How would you respond to the riddle?

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So for my Writing class we had to write an essay in regards to a book, a long way gone written by Ishmael Beah.

In a nutshell the book was about the early life of the author in Sierra Leone. How he had to flee his village at the age of twelve, watch rebels slaughter families and the world around him descend into violence. More regarding this book can be found here since I'd butcher trying to explain it.

However, what we had to work on was the riddle presented at the end of the book by a tribal elder to the author when he was about seven. It goes as follows...

"There was a hunter who went into the bush to kill a monkey. He had looked for only a few minutes when he saw a monkey sitting comfortably in the branch of a low tree. The monkey didn't pay him any attention, not even when his footsteps on the dried leaves rose and fell as he neared. When he was close enough behind a tree where he could clearly see the monkey, he raised his rifle and aimed. Just when he was about to pull the trigger, the monkey spoke: 'If you shoot me, your mother will die, and if you don't your father will die.' The monkey resumed its position, chewing its food, and every so often scratched its head or the side of its belly.

"What would you do if you were the hunter?"

Now remember this is assuming that you've already raised your gun and have to make a decision, so cha' cannot say that cha' wouldn't have gone hunting in the first place.

I'm kinda curious of how cha' members of Iwaku would respond to this. In all serious truth, what would you do in this dilemma? What decision would you come to, why?
I would shoot the monkey in the leg and when is falls from the tree ask it where it gets its information. If is does not give me a strait answer and (asuming i don't check myself into a mental ward for A) hearing it speak and B) talking back) that simian would die according to the original plan.
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And you would loose your mother, okay check.
I would try to get more clues as to how the two events are connected.
...Yeah I'd shoot the monkey. I'm not on the best of terms with my mother and I might not have given it a second thought on whether or not I believed the warning. .__.;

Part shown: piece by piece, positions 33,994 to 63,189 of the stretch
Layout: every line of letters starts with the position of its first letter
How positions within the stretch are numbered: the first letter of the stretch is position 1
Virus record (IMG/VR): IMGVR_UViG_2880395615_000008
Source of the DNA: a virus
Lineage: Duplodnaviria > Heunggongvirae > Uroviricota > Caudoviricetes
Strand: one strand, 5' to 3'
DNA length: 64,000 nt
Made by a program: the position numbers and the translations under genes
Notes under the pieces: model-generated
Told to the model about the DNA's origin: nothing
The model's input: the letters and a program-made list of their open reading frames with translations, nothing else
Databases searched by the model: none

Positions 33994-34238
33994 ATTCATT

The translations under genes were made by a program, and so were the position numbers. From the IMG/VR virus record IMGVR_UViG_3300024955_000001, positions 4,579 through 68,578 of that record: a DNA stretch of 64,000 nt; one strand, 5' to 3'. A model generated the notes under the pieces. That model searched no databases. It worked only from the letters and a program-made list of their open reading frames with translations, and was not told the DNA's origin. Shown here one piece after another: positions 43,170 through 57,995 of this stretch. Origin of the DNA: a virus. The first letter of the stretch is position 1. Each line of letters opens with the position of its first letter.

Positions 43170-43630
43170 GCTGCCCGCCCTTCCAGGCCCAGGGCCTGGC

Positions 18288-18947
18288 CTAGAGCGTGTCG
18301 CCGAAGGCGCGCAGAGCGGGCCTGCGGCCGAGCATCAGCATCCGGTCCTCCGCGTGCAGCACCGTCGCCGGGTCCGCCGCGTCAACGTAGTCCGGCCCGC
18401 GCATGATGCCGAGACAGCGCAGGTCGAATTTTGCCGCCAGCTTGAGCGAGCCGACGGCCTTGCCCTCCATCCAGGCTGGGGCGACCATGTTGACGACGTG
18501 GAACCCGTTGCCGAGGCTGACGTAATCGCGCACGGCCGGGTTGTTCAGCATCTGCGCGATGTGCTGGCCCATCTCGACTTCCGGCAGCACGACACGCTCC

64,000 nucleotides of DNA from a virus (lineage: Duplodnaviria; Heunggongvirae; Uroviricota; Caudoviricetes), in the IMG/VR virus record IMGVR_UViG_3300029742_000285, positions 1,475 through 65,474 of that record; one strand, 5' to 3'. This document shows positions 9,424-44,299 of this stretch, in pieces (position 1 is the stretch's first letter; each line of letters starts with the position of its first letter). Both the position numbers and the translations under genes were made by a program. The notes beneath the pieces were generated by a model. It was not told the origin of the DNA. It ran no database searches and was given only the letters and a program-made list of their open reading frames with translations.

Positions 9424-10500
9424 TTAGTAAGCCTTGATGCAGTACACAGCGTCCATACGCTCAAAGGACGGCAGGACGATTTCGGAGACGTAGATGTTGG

I would not believe the monkey.... hens it dieing or i'd ask it how i could get it for both to die.
Hmmm well I suppose I would shoot the monkey so the little prick couldn't do that to anyone else.

That and he doesn't specify like biological mother, (though I could just be reading to dar into it) I mean my grandmothers are both dead so I wouldn't have to worry about that.

Or I would respond "My mother is your mother, as is Mother Nature, can you kill your mother?"
If I don't shoot him, my father dies and the monkey is free to go about continuing his bullshit.

If I DO shoot him, my mom dies, BUT that little motherfucker ain't goin' NOWHERE. I'm going to EAT HIS FUCKING ASS.

So, I shoot the little bastard and make peace with my mom post mortem.
I lower the gun and ask "will I be able to make it in time to watch him go?"
I would shoot the monkey because I'm obviously really fucking high.

Then I'd probably fuck the monkey too.

The dead monkey.
Each statement, if taken by itself, is true. The fallacy is assuming that they are, in fact, contingent statements - everyone dies. Shooting or not shooting the monkey will not cause one or the other to happen. Rather, BOTH will eventually happen regardless of your selection.

The monkey, however, is obviously a manipulative little fucker and must die. Shoot the monkey.
I agree with Ricarten. Both your mother and father are going to die eventually. My decision would probably be based on whether or not one of them already was dead. If neither were, I would shoot the monkey in the principle of putting me in such a moral dilemma. If I have to choose one of my parents to die, I'm certainly not letting the little booger get away with it.
Kitti would go bag a quail and not shoot the monkey :3